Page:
Ex-Scots Guard soldier sues MoD over machete attack by drunk sergeant

Ex-Scots Guard soldier sues MoD over machete attack by drunk sergeant

Former Scots Guard soldier, 37, sues Ministry of Defence for £300,000 over machete attack by drunken sergeant who had been jailed for killing a man

  • James Warnock, 27, suffered horrific injuries in the attack at Mons Barracks
  • The former lance sergeant was attacked by John Norwood after a drunken night
  • Norwood, from Glasgow, had been jailed for culpable homicide over the death of his uncle in 1996
  • Mr Warnock accuses the Army of negligence, saying a proper risk-assessment would have identified the danger

Colour Sergeant John Norwood, from Glasgow,is claimed to have attacked James Warnock after both being thrown out of an Aldershot pub

A former soldier is suing the Ministry of Defence for £300,000 after he was attacked with a machete by an Army colleague who had been jailed for killing a man before signing up.

James Warnock, 27, a former lance sergeant in the Scots Guards, suffered horrific injuries in the attack by Colour Sergeant John Norwood.

Mr Warnock claims Norwood should not have been allowed to join the Army given his previous convictions for violent offences.

Norwood, 41, had been jailed for killing his uncle and, in a separate incident, for three counts of stabbing a man in a pub fight.

In legal papers presented to the High Court, Mr Warnock – a veteran of two tours of Afghanistan – argues the Army was ‘vicariously liable’ because it failed to identify the threat posed by Norwood before the machete attack, which ended Mr Warnock’s military career and triggered a mental breakdown.

His lawyers claim Norwood had a reputation for fighting, bullying and verbal abuse, especially when drunk, which should have led to his discharge from the Army. Instead, he was repeatedly promoted.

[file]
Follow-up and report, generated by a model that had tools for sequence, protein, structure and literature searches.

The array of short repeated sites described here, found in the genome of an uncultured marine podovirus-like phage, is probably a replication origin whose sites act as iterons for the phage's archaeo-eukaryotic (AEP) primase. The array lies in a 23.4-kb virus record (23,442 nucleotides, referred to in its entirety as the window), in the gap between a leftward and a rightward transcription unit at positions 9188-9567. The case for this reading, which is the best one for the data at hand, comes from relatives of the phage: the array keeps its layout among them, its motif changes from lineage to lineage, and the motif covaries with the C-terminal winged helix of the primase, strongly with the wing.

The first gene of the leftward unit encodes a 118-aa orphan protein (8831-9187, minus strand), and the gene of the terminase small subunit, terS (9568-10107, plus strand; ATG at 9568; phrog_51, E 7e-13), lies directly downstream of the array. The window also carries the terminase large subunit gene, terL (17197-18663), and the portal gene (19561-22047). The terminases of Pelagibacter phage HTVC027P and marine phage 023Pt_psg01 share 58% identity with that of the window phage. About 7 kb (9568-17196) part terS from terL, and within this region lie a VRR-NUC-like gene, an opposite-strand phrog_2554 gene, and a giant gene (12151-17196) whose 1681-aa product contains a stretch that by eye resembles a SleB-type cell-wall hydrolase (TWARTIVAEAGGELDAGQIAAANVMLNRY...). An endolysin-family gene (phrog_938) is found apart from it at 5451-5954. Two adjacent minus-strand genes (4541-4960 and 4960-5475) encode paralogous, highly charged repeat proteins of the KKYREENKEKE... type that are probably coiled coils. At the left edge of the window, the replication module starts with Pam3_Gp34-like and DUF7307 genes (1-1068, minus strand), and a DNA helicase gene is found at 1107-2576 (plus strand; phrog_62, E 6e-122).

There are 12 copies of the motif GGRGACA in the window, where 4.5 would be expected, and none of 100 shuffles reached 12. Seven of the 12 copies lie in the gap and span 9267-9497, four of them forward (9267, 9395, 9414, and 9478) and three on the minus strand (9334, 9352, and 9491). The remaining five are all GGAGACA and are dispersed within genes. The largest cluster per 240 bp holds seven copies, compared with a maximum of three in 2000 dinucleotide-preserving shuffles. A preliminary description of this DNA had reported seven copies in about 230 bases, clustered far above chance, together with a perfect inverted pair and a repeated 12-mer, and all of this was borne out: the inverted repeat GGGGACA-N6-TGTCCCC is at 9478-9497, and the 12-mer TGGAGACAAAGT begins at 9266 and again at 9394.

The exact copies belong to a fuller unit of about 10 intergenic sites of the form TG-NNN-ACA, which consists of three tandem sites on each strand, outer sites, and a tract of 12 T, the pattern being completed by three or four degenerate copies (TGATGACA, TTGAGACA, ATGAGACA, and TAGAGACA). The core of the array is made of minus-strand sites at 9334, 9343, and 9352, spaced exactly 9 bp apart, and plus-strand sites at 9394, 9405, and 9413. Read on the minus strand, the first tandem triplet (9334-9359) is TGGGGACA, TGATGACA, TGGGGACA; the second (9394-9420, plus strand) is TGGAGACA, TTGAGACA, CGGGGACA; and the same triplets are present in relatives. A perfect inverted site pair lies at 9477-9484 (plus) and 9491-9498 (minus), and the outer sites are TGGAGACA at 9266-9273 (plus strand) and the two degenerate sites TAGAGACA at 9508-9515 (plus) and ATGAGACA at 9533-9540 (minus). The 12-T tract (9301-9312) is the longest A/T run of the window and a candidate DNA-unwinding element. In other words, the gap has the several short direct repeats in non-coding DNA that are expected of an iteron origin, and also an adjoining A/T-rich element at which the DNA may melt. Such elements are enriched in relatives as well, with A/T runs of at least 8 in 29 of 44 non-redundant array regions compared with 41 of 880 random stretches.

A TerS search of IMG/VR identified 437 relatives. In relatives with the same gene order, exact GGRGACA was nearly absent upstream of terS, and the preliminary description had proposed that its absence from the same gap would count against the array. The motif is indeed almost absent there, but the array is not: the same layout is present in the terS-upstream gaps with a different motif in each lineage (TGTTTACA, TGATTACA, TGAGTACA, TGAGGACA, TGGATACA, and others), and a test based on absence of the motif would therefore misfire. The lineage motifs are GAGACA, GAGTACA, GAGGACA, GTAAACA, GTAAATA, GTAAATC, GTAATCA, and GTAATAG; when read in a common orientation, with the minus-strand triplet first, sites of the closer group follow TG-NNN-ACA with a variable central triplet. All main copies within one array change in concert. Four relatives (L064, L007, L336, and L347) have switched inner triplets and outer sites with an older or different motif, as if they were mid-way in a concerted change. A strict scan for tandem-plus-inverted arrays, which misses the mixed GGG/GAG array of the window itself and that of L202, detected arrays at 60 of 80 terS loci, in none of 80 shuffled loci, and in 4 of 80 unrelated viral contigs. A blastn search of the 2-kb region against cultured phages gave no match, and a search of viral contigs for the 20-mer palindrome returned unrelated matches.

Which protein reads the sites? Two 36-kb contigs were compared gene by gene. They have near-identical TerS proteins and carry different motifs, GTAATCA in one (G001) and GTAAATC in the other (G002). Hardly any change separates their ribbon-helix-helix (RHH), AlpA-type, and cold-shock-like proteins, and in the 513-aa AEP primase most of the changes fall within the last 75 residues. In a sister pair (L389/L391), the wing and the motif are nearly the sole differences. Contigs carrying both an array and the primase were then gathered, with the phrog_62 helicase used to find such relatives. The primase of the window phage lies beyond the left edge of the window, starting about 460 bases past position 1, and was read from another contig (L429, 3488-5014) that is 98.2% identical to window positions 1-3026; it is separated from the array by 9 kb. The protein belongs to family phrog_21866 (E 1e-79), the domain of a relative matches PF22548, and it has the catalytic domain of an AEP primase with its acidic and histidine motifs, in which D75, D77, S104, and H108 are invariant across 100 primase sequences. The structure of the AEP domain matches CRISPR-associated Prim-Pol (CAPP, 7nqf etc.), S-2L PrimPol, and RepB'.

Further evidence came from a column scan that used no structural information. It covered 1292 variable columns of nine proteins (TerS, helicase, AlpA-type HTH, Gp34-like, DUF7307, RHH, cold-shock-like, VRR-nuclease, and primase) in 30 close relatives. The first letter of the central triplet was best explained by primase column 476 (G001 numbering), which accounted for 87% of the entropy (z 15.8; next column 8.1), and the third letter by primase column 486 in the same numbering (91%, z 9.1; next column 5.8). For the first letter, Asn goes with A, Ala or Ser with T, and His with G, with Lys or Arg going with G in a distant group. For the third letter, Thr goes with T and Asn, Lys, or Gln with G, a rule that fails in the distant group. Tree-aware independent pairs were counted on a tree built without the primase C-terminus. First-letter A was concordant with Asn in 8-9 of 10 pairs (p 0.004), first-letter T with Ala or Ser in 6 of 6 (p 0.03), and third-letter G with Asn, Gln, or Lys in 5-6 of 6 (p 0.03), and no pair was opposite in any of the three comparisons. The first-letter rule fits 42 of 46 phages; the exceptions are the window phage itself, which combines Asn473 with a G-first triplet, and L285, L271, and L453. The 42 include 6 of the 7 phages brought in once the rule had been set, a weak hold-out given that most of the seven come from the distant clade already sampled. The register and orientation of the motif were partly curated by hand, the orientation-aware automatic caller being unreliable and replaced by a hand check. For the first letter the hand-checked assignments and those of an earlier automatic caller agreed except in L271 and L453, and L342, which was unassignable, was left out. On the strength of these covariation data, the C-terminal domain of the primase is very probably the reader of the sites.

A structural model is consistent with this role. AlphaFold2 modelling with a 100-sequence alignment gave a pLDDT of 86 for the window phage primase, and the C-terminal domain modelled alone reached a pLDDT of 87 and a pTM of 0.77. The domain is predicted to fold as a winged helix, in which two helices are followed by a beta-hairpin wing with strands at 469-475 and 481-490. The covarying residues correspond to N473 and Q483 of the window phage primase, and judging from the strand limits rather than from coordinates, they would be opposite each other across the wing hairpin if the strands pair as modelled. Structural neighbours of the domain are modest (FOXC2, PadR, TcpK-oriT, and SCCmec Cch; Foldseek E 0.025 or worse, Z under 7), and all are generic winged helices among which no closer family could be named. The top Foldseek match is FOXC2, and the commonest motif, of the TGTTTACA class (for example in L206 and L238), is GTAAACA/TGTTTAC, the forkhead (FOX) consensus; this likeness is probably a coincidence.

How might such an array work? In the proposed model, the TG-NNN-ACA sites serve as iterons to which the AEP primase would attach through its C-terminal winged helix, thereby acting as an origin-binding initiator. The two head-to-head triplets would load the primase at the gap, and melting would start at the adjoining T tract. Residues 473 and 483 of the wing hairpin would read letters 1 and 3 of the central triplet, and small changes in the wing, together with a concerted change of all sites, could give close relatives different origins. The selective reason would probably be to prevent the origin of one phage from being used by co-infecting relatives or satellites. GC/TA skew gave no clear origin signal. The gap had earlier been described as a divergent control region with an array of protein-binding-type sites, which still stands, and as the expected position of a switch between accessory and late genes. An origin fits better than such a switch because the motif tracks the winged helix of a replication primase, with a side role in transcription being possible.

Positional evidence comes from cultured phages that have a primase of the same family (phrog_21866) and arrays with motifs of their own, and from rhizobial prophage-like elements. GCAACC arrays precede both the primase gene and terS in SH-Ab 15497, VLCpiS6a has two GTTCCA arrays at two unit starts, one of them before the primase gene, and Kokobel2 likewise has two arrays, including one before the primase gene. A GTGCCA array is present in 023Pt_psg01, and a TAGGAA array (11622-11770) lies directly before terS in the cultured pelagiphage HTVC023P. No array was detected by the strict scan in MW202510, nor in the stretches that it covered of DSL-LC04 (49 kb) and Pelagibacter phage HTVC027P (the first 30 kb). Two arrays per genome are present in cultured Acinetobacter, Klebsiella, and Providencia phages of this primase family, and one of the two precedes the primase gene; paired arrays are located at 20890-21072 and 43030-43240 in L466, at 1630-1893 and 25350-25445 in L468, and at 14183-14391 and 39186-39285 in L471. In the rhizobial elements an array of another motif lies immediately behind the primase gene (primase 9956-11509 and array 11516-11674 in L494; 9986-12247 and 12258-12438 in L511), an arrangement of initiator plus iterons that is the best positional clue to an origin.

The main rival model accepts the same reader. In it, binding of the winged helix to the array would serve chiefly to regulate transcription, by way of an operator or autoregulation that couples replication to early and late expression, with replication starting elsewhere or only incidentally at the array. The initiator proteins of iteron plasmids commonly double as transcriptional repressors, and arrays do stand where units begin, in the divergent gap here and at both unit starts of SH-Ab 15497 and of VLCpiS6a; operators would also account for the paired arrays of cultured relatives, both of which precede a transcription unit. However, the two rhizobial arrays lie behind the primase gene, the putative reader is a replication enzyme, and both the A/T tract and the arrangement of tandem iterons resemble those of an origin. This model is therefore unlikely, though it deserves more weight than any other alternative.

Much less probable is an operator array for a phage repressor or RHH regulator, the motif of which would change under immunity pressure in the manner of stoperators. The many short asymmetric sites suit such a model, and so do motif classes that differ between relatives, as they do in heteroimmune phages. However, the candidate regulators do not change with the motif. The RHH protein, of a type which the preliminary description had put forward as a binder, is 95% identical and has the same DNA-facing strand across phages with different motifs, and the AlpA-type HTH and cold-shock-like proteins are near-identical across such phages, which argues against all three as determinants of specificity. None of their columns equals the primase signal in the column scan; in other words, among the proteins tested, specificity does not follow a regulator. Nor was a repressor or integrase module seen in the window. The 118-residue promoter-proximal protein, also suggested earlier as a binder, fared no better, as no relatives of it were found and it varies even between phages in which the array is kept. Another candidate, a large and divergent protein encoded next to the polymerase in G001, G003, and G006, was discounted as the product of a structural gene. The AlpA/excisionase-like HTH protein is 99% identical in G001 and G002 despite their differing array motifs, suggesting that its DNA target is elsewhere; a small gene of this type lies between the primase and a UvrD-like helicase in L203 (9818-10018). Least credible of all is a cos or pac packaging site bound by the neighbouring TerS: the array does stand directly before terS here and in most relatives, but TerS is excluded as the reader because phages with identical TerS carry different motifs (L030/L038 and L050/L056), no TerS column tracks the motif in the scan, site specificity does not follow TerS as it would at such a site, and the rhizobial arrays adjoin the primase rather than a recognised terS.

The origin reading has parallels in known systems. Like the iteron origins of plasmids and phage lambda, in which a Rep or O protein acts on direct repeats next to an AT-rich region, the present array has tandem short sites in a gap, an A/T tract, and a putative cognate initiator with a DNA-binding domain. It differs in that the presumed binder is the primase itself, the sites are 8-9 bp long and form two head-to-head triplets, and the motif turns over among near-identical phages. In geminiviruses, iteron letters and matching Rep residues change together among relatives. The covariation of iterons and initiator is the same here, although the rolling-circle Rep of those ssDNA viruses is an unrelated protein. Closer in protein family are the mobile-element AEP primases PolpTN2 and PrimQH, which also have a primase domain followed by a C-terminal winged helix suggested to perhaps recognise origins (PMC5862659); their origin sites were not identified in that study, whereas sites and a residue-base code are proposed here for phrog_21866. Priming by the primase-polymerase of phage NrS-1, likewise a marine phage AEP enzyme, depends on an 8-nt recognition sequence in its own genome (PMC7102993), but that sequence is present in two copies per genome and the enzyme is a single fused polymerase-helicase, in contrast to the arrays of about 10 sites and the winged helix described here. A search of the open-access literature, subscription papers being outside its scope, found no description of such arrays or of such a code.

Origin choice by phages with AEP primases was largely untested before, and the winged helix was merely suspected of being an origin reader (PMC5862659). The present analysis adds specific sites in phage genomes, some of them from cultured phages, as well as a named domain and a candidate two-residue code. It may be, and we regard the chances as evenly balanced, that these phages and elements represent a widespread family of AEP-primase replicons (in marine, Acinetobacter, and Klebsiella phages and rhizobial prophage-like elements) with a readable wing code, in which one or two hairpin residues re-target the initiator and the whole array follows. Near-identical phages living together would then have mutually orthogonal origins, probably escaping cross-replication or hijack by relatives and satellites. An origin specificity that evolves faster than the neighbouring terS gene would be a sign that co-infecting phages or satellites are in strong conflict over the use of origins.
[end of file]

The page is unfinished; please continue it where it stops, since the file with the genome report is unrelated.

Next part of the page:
On July 11, 2015, the two soldiers were thrown out of the George pub in Aldershot, Hampshire, after exchanging punches. Mr Warnock then returned to Mons Barracks in the town and went to bed.

Norwood also went back to the base and took a 10in machete from the storeroom, for which he had a key. He prowled the barracks in search of Mr Warnock, broke into the wrong room and attacked another soldier in a case of mistaken identity, fortunately without causing serious injury.

Still in a drunken rage at 5am, Norwood found Mr Warnock and struck him repeatedly with the machete, causing serious injuries to his right shoulder, left hand and wrist 

Still in a drunken rage at 5am, he found Mr Warnock and struck him repeatedly with the machete, causing serious injuries to his right shoulder, left hand and wrist.

At a trial the following year, Norwood, from Glasgow, was convicted of wounding with intent and was jailed for eight years.

After the case, it emerged that in 1996, before joining the Army, Norwood had been jailed for culpable homicide over the death of his uncle, who was fatally injured after fighting with him and falling from a balcony.

Norwood, who was not held totally responsible as his victim had refused medical treatment, also spent two years in prison over a pub fight attack.

After the machete attack, Mr Warnock needed surgery for a number of wounds, suffered major depression and was medically discharged from the Army in 2017 – ending the only career he had ever wanted, according to court papers.

He is also said to suffer from stress and anxiety, affecting his ability to work.

Mr Warnock, also from Glasgow, accuses the Army of negligence, saying a proper risk-assessment would have identified the danger of allowing Norwood access to the storeroom from which he took the machete. He says the Army was also negligent to employ Norwood and promote him due to his previous convictions and behaviour.

The Mail on Sunday understands Norwood’s convictions for offences committed before he joined the Army were spent, so the MoD was obliged to consider his application to join the Scots Guards.

Last night, an MoD spokesman said: ‘As this is an ongoing legal proceeding, it would be inappropriate to comment.’

 

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